Fall 2007 Seminar Series in Neuroscience [Updated 9-14-07]

Tuesday Sept 11, 4-5 pm

Dr. Mike Tamkun Department of Biochemistry & Molecular Biology, Colorado State University

Title:"Kv2.1 membrane corrals: Novel regulators of K+ channel function and trafficking"


Abstract: Rapid modulation of ion channel surface expression is likely to represent a central mechanism in the regulation of neuronal excitability. The Kv2.1 delayed-rectifier K+ channel targets to unique cell surface clusters in hippocampal neurons. Since these structures are regulated in vivo by stimuli associated with neuronal injury, i.e. hypoxia, ischemia, and excess neurotransmitter release, they are likely to participate in the neuro-protective response during such insults. Our overall hypothesis is that the Kv2.1 surface clusters are central in the regulation of both Kv2.1 trafficking and function. A better understanding of Kv2.1 cluster regulation and function will improve our ability to manage stroke–related issues. We use a multidisciplinary approach utilizing techniques ranging from voltage-clamp to single quantum dot tracking. The Kv2.1 surface clusters are formed by corralling mobile channels behind a cytoskeletal-based fence. The clusters serve as a platform for trafficking vesicle-based insertion and retrieval at the cell surface, making the regulation of trafficking more efficient than if the channel is homogenously distributed over the cell surface. However, our most recent data suggest that channels within the surface clusters do not transport K+ until released from these cell surface domains, suggesting that K+ current density is controlled by more than transport to the cell surface.

Tuesday Sept 25, 4-5 pm

Dr. Jerry Stitzel, Department of Integrative Physiology, University of Colorado at Boulder


Title: "Nic at night: The Chronopharmacology of nicotine"


Abstract: Despite the fact that smoking kills about 450,000 people in the United States per year, greater than 20% of the population continues to smoke. Curiously however, even the heaviest, most nicotine dependent smokers typically abstain from smoking during the normal sleep cycle. The ability to abstain from smoking may relate to the fact that the effects of most drugs varies over the course of the day. In fact, recent studies in rodents have shown that sensitivity to several effects of cocaine differs depending upon the time of day. In short, rodents are more sensitive to the effects of cocaine during the light phase of the light/dark cycle. Furthermore, the reduced sensitivity to cocaine during the dark phase of the light cycle appears to be dependent upon melatonin. Pinealized rats or mouse strains that do not exhibit diurnal variations in melatonin synthesis also do not show daily variations in sensitivity to cocaine. To examine whether this same phenomenon occurs for nicotine, we have measured acute sensitivity to nicotine across the 24 hr daily cycle in two mouse strains that differ in their ability to produce melatonin and in mice melatonin lacking melatonin receptors. Like other drugs of abuse, sensitivity to the locomotor and hypothermic effects of nicotine is significantly reduced during the dark phase of the light dark cycle. Moreover, a single injection of melatonin was found to reduce sensitivity to nicotine. However, unlike prior studies with cocaine, our studies indicate that the daily variation in nicotine sensitivity is not dependent upon melatonin. Consequently, the mechanism responsible for the daily variations in sensitivity to nicotine appears to be distinct from that of cocaine. Understanding the mechanism responsible for the daily variations in nicotine sensitivity should lead to a greater appreciation of why nicotine dependent individuals can abstain from smoking during the sleep cycle. Such information may be useful in the design of more effective smoking cessation aids.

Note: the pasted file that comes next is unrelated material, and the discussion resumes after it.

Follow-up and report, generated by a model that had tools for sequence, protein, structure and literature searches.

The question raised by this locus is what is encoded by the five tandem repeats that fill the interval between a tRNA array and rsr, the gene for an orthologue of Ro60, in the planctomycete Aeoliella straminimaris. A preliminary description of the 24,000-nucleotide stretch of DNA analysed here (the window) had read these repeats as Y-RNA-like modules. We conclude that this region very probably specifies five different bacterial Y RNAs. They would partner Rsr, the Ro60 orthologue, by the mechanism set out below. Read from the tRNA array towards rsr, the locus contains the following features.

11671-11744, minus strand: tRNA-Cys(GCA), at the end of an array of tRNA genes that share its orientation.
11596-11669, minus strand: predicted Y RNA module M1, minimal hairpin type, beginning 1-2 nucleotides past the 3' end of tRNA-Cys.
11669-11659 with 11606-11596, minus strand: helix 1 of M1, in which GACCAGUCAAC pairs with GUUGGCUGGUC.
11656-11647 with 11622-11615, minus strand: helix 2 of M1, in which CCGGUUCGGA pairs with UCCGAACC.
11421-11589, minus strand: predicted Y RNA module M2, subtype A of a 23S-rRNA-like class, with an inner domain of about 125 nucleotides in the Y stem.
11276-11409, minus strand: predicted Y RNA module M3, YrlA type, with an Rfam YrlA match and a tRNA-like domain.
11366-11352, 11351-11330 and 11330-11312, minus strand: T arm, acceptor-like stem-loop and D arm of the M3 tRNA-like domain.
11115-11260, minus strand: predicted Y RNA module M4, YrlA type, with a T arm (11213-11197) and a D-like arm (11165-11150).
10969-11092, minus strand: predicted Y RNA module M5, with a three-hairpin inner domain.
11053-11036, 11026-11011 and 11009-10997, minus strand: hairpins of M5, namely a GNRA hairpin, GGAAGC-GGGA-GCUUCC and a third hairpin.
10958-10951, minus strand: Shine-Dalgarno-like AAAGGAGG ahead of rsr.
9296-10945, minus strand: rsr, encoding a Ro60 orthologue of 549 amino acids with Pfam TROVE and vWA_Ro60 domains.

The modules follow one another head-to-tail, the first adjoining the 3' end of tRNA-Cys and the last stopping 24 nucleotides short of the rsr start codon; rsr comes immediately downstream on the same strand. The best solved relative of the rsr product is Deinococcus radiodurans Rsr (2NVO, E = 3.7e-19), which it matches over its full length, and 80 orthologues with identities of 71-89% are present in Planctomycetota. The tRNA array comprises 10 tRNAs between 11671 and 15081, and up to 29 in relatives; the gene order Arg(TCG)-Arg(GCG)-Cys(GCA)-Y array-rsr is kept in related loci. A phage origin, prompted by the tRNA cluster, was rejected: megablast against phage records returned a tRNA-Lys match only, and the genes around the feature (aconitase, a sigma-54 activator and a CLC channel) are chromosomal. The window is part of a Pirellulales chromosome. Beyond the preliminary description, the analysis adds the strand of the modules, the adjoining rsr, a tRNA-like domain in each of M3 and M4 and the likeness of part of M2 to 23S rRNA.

Tuesday Oct 9, 4-5 pm

Dr. Steve Maier Department of Psychology, University of Colorado

Title: "The role of the ventral medial prefrontal cortex in mediating resilience to adverse events"